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Old 12-20-2014, 03:26 PM   #61
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We do, did 5,000 miles to Mexico and back and now heading to Alaska in 2015.

Like others have said, it's all about your comfort level and maintenance abilities. My wife thinks I have a girlfriend hidden in our engine room I spend so much time there. Mostly doing inspections of all things breakable.

Since we have a fully protected prop, we worry less (but still a lot in our minds) about wrapping the prop, one advantage to a single. Cutters would certainly help and we are installing this winter prior to heading up the coast to the inland passage.

I have also developed a spreadsheet that automatically reminds me of my maintenance schedule. I have daily (when cruising), monthly, quarterly and items based on the engines hours that constantly remind me of the tasks to complete. So far so good.

We do also have lots of safety gear on board including a sea anchor if we do get disabled. The prior owner did use this once when he got wrapped in bad weather. We have scuba & hooka gear on board as well.

Our future plans are to take Antipodes around the world. YMMV.
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Old 12-20-2014, 03:30 PM   #62
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IMO the efficiency of a displacement boat has a lot to do with minimizing drag and the efficiency of propeller location. Twins have twice as much gear hanging in the water, not in alignment with the keel, and probably has two rudders to drag along as well.

Most twins have enough power to push the boat at displacement speeds with one engine, the redundancy is for peace of mind and really only improves handling when docking. On a single the propeller is optimally placed behind the keel, offering excellent protection from everything but bad luck. Even pot lines have a tendency to push off a displacement hull and seldom foul, twin have their running gear in an optimal position to pick up anything in the water and wrap it up, as well as maximizing drag since everything is mounted off the hull and is breaking fresh water constantly.

I have run from Seattle to Prince William Sound twice in single engine boats without a hitch. I never would have been able to make the distance with twins and the fuel capacities of my boats.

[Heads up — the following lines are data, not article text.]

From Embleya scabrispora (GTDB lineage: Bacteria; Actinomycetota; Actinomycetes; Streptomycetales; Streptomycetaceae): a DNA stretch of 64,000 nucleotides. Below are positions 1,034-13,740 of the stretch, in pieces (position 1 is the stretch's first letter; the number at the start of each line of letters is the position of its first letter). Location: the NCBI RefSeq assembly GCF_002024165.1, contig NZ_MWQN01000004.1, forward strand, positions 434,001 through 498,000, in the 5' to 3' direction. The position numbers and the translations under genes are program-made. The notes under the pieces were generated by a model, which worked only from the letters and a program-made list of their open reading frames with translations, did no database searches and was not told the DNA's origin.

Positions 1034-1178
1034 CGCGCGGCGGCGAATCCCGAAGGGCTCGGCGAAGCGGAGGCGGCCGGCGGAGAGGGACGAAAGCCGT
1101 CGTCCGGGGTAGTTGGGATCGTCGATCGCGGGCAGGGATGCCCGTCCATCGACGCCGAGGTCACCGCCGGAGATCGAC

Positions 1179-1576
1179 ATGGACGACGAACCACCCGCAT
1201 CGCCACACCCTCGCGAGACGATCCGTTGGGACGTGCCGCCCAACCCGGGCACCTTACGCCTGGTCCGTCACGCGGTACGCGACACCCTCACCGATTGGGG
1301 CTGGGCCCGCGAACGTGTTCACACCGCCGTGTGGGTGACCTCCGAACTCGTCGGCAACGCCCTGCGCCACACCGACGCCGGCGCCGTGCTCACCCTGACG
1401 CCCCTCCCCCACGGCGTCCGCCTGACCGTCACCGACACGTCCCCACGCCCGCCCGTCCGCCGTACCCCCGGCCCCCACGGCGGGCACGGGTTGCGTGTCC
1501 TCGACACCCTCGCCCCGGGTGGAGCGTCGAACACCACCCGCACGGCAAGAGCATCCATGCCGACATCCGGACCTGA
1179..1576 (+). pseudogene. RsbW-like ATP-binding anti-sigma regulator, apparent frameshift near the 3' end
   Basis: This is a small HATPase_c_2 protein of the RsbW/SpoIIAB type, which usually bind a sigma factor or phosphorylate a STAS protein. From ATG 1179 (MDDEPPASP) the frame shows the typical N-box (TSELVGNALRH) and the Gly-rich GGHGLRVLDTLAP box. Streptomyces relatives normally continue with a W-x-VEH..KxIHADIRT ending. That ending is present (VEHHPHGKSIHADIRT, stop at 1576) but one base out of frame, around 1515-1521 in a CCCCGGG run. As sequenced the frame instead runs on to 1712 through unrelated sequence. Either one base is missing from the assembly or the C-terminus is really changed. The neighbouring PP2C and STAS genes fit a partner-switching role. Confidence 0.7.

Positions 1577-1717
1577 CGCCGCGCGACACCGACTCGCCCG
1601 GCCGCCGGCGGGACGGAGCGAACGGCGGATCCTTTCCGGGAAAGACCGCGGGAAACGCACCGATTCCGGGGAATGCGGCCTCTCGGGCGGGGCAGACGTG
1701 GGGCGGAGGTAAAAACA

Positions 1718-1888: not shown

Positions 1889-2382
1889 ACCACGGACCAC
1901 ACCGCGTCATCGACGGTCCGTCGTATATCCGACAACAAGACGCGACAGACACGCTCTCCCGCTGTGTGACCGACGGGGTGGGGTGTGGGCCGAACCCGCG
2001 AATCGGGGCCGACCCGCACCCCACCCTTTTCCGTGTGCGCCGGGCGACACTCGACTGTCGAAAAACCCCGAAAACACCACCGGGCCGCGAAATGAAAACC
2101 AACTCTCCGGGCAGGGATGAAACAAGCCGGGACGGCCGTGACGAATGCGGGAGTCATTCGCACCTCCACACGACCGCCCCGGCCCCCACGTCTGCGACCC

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Old 12-20-2014, 04:41 PM   #63
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Having owned and cruised aboard single engine boats I will concede the efficiency and running gear protection edge to the single. Having the experience of losing my single motor(273 hours on motor) in a fashion un- repairable by me or local engine repair people in the PNW I now travel those areas with two engines. I do have to watch for logs but I did that with the single propped boat. I have experienced a big plus in The added maneuverability in the tight marinas I frequent. As for fuel burn I average about 200 hours/year of engine time. At 9.2 K We burn approximately 5 gallons per hour and do better at 7 or 8 k. The difference in fuel cost is very small when compared to the other costs of keeping and amortizing a 34.000lb almost 50 ft boat. So there are obviously two sides to this coin. Due to our past bad experience we prefer the twin motor side and before this event we were quite content with one engine.
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Old 12-20-2014, 07:54 PM   #64
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Doug wrote;
"IMO the efficiency of a displacement boat has a lot to do with minimizing drag and the efficiency of propeller location. Twins have twice as much gear hanging in the water, not in alignment with the keel, and probably has two rudders to drag along as well."

I don't think so. The thickness of a single engined boats keel is much wider in order to accommodate the shaft. And the shaft and struts on a twin are much smaller than a single. Two of them of course but much less drag each. Also the rudder need not be partially deployed causing more drag to compensate for the prop walk.